Saturday, October 28, 2006

"Mistakes Were Made"

One of my best Professors, a Religion and Judaic Studies specialist here at Carleton, once remarked on the propensity of bureaucrats to use the passive voice. "If you want to avoid accountability for someting, always use the passive voice."

The context for the discussion was on how the US State Department responded to pleas by the American Jewish community to more forcifully address--rhetorically, militarily, any way at all--the Holocaust during WWII. The responses were all in the passive voice: "reservations were expressed", "the issue was raised", "proposals were taken under consideration." No trail, no specifics, no actor, no agent, no nothing. And, sure enough, the US continued to downplay the genocide occurring--refusing to allow in Jewish refugees, not bombing tracks leading to death camps--until it was far too late.

The Holocaust is an extreme example, meant only to show just what this rhetorical tactic can be made to justify (or, more accurately, ignore). I suppose it shouldn't surprise us, then, when it pops up in compartively lighter situations. NATO General David Richards admitted that "mistakes were made" in a NATO strike that killed 70 Afghani civilians. Begging the General's pardon, but "mistakes weren't made", someone made mistakes. Finding that someone or someones and why they made their mistake or mistakes is a moral imperative when you have that many innocent lives on your hands. The NATO Supreme Commander, James Jones, promised a thorough investigation, but this type of bureaucratic obfuscation is not a promising start.

It's late, I'm tired, and this was probably an unjustified rant. Sometimes the passive voice is just the passive voice. But I am sick of this culture of unaccountability, and I am sick of not being able to detect a pulse among the polity to the end of holding people accountable for their sins. Something needs to change.

Friday, October 27, 2006

Take That, Rewind Brownback

Sammy B's got the voice that make my head go smack.

The Senator from Kansas is blocking a federal appellate court judge nominaton because the nominee attended a commitment ceremony for a lesbian friend. She didn't officiate, it had no legal standing, she participated in no legal or judicial capacity, and she's made this very clear to the Senator. In her words, "The ceremony, which was entirely private, took place in Massachusetts, where I had no authority to act in any official capacity and where, in any event, the ceremony had no legal effect" (she is a Michigan judge). One of the women involved had lived next-door to her family for decades. Yet the erst-while bold advocate for "up-or-down votes" continues to hold the nomination up.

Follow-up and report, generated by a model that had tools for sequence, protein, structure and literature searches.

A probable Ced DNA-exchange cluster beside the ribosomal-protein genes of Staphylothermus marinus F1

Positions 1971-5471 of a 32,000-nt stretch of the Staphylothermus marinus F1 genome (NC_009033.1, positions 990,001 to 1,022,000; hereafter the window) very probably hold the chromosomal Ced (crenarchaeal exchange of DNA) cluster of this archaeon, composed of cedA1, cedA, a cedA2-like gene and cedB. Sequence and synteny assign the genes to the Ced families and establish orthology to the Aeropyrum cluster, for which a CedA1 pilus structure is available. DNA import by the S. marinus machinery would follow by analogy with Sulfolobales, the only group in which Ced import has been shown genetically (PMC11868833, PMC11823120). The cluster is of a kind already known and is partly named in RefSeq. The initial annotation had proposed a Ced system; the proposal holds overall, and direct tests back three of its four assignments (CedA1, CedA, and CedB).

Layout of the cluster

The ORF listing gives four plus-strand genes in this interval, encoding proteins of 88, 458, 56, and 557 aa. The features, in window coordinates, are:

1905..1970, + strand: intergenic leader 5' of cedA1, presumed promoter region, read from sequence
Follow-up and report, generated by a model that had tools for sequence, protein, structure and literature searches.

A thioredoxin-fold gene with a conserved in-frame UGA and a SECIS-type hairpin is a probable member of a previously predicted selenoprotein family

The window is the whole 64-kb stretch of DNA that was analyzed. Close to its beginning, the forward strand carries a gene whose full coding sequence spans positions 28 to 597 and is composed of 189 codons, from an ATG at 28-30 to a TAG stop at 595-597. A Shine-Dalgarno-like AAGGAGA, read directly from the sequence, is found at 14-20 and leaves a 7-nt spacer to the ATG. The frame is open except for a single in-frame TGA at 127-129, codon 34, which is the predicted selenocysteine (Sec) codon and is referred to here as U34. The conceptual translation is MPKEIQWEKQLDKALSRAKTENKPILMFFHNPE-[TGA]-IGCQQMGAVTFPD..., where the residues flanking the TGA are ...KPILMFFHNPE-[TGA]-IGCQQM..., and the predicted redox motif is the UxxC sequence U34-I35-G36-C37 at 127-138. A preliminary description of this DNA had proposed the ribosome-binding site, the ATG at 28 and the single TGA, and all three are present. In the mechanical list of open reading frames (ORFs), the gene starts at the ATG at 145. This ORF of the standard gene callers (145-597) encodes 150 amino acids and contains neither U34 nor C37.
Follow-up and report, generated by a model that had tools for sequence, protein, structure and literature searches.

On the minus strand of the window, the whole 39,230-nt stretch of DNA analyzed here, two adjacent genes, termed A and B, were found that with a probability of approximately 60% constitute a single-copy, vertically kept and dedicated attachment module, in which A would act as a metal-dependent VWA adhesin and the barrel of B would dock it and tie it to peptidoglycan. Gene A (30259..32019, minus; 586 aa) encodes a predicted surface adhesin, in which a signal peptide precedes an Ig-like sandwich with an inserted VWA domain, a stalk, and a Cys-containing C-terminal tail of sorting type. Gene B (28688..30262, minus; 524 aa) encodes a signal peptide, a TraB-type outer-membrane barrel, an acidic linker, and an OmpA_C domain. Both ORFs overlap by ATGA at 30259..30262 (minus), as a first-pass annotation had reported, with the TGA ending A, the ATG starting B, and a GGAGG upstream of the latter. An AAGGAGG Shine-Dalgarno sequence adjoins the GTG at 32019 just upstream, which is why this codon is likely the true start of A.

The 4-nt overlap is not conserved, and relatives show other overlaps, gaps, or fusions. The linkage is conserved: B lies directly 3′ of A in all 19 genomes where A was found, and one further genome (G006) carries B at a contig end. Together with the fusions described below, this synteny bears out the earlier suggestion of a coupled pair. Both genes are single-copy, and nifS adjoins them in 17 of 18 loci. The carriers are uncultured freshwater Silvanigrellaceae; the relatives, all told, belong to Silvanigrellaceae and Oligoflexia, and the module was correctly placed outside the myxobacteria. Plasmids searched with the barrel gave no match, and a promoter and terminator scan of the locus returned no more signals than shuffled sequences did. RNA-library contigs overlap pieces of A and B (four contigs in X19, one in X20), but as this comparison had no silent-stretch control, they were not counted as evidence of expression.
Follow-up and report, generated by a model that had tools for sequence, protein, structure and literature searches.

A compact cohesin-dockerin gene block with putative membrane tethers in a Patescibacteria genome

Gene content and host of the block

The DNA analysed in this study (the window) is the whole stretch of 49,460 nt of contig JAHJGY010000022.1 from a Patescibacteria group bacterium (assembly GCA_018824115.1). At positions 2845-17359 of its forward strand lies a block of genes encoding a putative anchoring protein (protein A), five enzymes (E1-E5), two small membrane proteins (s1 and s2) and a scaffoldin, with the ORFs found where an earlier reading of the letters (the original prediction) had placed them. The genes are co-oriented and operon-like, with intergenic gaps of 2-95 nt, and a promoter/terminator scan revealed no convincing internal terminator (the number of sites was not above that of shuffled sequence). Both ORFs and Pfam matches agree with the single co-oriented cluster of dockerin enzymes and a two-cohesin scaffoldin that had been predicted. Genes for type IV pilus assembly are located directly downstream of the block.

Kevin Drum says that Brownback is trying to strip James Inhofe of the "worst Senator" title. A while back, I specifically put the Oklahoma delegation ahead of the Kansas set for worst Senate delegation. I also wrote an article urging Democrats to Be Like Sam on the topic of human rights.

That being said, this story reminds us that he is and remains a nut.

Thursday, October 26, 2006

French Role in Rwandan Genocide

International Law specialist Julien Ku reports that Rwanda is looking into evidence of French involvement in the 1994 genocide there. This is the second report of a nation revisiting foreign involvement in a 1994 atrocity this week.

Most of the allegations refer to the French training the participating militias who engaged in the killing, or standing aside and giving the killers access to their victims. However, perhaps the most shocking claim is that French helicopters specifically airlifted people out of the cities to be executed in isolated forests.

France is apparently cooperating with the probe, which is good news.

Arrest Warrant For Ex-Iranian President

And it's not from Israel. It's from Argentina, relating to the 1994 Hezbollah attack on a Buenos Aires Jewish center that killed dozens:
Argentine prosecutors on Wednesday asked a federal judge to order the arrest of former Iranian president Hashemi Rafsanjani and seven others for the 1994 bombing of a Jewish cultural center that killed scores of people.

Prosecutor Alberto Nisman told a news conference that the decision to attack the center "was undertaken in 1993 by the highest authorities of the then-government of Iran."

He said the actual attack was entrusted to the Lebanon-based group Hezbollah.

The bombing of the Jewish cultural center was the worst terrorist attack on Argentine soil. Eighty-five people were killed and more than 200 others injured when an explosive-laden vehicle was driven near the building and detonated.

Iran's government has vehemently denied any involvement in the bombing, following repeated accusations by Jewish community leaders and others here. Iranian authorities in Buenos Aires declined to comment.